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Re: re:-O2 or -O3 ?

brian white writes ("re:-O2 or -O3 ? "):
> I'm surprised that [-O3] make a 20% increase in code size, especially for
> the probably negligible performance improvement.
> [...]
> The bottom line is, unless your function is _very_ short (a few lines,
> max, with no loops) in probably should _not_ be inline.  It sounds
> like the GCC "heuristic" does just this, but it probably isn't as good
> as a human could decide (with the "inline" directive).
> I vote against using "-O3" and to stick with "-O2".

I'm confused.

We're building a distribution, so it makes sense to trade off
computation at build time against computation at run time.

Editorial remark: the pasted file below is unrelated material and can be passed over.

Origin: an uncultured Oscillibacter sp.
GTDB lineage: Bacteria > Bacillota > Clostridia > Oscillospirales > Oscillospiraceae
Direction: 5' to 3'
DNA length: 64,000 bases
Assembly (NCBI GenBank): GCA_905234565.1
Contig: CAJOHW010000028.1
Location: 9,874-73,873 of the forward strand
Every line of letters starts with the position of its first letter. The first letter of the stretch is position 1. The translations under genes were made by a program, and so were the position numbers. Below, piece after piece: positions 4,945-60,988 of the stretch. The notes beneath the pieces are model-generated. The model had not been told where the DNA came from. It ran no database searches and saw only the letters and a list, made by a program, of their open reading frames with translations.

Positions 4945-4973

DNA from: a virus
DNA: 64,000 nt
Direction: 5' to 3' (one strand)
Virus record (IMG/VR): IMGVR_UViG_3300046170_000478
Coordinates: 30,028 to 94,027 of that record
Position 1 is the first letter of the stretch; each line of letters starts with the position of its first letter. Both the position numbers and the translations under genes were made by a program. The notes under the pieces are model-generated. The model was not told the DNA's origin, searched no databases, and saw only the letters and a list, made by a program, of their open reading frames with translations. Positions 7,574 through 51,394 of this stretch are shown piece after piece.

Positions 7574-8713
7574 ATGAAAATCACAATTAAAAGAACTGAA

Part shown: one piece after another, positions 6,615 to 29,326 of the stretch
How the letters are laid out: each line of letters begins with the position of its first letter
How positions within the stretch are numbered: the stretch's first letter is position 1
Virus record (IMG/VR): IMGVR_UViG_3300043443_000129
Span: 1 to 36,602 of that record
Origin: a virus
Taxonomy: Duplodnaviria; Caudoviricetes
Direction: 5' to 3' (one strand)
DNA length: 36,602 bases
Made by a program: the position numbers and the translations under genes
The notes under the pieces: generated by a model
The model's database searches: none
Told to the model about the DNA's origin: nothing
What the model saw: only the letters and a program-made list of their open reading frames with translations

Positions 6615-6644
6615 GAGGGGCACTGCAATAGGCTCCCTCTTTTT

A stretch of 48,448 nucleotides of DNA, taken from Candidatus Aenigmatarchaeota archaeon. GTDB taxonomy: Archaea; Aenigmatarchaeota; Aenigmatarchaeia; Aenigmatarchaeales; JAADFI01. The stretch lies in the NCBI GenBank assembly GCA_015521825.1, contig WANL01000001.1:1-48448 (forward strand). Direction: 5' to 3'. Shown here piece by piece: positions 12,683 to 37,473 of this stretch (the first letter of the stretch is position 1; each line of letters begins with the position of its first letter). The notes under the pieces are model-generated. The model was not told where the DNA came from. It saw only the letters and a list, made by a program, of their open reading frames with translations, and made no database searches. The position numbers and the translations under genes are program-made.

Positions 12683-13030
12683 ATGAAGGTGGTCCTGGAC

I thought that the different -O<n> levels in GCC were different values
of that tradeoff; if so, then we should be using the highest

If the different -O<n> levels have some other general scheme I'd like
to be enlightened as to what it is.

The GCC Info page is rather unhelpful on this point - it only tells
you what -f<optimise-like-foo> options each -O<n> turns on.  That
doesn't tell you what (for example) future compiler releases will
understand by -O<n> and what value you as a programmer (rather than a
compiler expert) ought to be using.


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